The advent of the smartphone changed a lot for consumers and the way they do things. Whether it be streaming music while they work out, watching their favorite TV shows on public transport, or using apps to communicate, shop or find their way around town, smartphones have put just about everything at consumers’ fingertips on a device that fits in their pocket. It’s also made some US internet users reliant on the device, with data from GlobalWebIndex (GWI) showing that some 38.3% check their phone every few minutes.
Compulsively checking their phone is not the only mobile phone behavior US internet users identify with. For many, their phone acts as a quick reference, with 4 in 10 (39.1%) saying they go to their phone to research something before they go to their computer.
Mobile apps are big business, with global spending on Apple’s App Store and Google Play reaching $31.8 billion in the first quarter this year. These apps are keeping consumers occupied — about one-third (33.8%) of respondents say they switch between a lot of different smartphone apps regularly.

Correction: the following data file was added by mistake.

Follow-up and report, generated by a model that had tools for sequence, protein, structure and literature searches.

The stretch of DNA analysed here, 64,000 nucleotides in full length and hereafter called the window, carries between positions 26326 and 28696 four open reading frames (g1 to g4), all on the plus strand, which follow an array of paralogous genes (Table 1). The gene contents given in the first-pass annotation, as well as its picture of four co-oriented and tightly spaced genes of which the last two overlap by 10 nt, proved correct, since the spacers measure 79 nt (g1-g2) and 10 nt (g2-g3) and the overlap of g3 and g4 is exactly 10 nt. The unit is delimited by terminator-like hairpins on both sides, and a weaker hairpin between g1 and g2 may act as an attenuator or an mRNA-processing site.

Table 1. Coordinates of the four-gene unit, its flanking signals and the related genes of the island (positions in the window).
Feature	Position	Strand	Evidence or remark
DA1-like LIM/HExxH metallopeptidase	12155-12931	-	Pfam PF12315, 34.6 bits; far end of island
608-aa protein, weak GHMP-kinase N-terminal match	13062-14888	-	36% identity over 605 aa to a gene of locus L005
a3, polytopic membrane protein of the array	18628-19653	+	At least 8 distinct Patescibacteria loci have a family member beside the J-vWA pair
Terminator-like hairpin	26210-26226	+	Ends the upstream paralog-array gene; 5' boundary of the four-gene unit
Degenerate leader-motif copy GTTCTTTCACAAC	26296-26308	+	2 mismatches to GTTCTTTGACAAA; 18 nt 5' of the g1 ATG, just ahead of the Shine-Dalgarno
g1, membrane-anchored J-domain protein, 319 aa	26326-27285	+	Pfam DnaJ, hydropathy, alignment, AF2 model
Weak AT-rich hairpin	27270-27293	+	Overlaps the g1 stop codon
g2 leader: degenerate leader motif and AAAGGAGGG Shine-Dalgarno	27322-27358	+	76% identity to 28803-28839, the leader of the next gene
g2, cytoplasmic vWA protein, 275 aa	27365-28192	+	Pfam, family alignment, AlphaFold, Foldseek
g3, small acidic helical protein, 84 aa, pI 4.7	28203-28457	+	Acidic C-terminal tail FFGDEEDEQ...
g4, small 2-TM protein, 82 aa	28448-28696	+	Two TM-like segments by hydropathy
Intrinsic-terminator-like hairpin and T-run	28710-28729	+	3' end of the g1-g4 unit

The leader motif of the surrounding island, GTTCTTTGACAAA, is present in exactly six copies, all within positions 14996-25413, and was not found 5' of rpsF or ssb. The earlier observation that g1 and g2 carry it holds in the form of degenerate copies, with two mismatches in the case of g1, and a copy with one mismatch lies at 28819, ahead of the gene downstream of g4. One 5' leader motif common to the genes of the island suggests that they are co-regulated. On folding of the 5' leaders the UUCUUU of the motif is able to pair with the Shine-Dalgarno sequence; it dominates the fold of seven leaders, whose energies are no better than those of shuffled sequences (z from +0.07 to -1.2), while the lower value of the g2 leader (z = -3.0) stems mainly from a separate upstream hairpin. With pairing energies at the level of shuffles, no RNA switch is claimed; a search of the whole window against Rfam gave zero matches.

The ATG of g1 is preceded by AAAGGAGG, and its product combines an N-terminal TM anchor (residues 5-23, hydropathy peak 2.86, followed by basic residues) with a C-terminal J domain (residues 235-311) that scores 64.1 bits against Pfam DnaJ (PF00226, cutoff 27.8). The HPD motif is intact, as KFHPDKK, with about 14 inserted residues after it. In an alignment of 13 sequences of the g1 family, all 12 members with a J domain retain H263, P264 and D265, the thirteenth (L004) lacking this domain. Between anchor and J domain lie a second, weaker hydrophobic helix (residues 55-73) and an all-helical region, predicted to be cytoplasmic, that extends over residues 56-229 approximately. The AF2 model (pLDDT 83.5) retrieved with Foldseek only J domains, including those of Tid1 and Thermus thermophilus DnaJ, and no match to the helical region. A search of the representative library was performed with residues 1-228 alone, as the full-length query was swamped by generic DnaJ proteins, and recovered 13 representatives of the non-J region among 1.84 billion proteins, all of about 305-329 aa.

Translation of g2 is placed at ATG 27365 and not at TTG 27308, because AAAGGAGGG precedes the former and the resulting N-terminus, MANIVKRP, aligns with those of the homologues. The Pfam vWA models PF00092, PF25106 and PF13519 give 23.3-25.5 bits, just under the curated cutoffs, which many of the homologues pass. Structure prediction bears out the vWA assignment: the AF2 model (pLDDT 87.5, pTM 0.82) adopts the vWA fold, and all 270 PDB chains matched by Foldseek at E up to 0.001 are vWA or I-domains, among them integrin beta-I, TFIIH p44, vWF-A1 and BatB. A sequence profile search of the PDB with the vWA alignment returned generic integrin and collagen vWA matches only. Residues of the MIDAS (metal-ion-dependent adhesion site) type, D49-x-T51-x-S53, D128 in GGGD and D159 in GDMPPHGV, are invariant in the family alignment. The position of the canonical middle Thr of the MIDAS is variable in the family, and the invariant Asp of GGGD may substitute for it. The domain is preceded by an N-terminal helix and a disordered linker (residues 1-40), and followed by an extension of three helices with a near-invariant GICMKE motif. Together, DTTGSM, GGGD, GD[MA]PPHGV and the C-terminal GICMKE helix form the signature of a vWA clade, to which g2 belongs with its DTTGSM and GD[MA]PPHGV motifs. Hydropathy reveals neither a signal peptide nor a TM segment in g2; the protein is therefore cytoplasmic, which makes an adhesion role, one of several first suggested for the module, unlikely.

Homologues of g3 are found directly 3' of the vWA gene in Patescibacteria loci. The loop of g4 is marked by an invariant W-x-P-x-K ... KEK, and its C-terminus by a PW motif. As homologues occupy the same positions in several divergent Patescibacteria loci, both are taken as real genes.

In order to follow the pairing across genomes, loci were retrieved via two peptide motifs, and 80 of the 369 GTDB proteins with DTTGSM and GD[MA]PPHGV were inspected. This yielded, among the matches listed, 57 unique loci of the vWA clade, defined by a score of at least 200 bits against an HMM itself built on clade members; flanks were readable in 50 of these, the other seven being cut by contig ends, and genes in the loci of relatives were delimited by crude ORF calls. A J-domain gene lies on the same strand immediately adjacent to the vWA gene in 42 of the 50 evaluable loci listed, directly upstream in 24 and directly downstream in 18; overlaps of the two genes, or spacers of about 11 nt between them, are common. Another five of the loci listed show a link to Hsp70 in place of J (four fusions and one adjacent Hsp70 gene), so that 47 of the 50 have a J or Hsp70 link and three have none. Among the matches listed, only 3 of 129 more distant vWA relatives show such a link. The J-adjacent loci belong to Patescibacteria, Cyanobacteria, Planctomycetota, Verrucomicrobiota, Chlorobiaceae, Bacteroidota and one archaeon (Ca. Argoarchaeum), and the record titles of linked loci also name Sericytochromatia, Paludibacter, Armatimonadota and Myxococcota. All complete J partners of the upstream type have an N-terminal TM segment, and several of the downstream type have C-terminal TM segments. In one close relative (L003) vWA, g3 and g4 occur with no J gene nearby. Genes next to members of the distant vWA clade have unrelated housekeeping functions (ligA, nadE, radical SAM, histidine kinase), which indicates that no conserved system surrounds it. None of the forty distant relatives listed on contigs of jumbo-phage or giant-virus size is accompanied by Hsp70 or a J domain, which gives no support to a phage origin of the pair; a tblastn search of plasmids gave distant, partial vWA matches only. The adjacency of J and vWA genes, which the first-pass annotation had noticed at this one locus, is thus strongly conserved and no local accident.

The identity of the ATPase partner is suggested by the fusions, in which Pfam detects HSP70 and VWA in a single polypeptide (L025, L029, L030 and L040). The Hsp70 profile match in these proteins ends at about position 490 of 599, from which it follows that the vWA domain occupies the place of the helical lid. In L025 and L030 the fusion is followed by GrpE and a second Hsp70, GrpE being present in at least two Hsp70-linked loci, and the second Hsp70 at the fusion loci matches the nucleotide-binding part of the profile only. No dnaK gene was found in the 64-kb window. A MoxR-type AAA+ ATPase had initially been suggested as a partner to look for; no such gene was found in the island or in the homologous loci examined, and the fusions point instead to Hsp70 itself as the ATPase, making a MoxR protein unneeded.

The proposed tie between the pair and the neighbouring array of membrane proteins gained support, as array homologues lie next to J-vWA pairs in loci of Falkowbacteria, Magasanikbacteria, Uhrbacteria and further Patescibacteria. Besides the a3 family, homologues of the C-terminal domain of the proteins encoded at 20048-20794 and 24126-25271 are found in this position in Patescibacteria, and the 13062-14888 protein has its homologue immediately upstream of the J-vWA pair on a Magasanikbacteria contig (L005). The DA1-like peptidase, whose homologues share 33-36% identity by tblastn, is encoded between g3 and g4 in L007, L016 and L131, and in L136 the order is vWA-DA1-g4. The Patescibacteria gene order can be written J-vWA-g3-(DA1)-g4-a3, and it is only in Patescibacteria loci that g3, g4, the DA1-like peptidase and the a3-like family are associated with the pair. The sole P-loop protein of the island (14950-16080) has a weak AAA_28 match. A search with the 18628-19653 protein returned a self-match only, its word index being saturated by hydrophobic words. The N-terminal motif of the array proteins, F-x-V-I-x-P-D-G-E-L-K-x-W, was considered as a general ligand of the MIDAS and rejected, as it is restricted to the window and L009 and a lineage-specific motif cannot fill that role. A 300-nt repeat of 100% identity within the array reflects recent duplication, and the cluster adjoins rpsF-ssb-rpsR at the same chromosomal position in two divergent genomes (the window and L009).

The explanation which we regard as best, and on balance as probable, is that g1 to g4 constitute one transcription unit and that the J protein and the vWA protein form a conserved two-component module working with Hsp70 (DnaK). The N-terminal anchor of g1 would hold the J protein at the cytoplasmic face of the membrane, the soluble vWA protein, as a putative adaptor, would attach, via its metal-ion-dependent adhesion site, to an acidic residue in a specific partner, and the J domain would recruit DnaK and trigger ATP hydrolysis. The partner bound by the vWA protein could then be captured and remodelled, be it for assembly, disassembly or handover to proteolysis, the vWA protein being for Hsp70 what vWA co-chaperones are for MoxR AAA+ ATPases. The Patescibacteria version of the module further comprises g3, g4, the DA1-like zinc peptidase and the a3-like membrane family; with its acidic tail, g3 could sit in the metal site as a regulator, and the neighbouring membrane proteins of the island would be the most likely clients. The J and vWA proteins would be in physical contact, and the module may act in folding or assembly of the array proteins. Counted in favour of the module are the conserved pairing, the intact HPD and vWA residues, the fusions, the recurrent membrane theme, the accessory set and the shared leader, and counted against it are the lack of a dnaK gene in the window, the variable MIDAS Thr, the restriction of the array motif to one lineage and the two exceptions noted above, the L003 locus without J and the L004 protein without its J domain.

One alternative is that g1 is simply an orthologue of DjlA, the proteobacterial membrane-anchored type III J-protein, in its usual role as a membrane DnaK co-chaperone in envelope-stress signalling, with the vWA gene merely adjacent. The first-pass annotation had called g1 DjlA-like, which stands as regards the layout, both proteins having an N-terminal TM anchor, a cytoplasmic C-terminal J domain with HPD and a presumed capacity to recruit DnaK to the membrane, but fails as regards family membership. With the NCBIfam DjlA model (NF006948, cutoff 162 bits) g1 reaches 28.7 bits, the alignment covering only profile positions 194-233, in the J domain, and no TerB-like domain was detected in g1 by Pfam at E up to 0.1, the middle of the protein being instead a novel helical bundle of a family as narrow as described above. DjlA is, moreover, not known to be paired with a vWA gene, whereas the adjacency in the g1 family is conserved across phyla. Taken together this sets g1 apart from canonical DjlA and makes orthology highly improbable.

Unfortunately, mobile phones can also act as a distraction for users. Some 3 in 10 (29.8%) say they are easily distracted by notifications on their phone.
Earlier research found mobile ads had the greatest ROI for retail brands. But, when it comes to online ads, in general, internet users show some mixed behaviors. Asked to identify certain ad behaviors they participated in 7 days prior to the survey, more than half (53.2%) report that they had skipped an online video ad. However, another 4 in 10 (40.2%) say they had watched an entire online video ad.
Others say they had deleted cookies from their device (30.2%) and researched something seen in an ad (28.9%). Some went as far as clicking on an ad on a website (24.9%) or an ad or sponsored post on social media (22.9%), while some went even further and bought something seen in an ad (15%).
About the Data: Findings are based on a survey of 2,013 US internet users ages 16-74.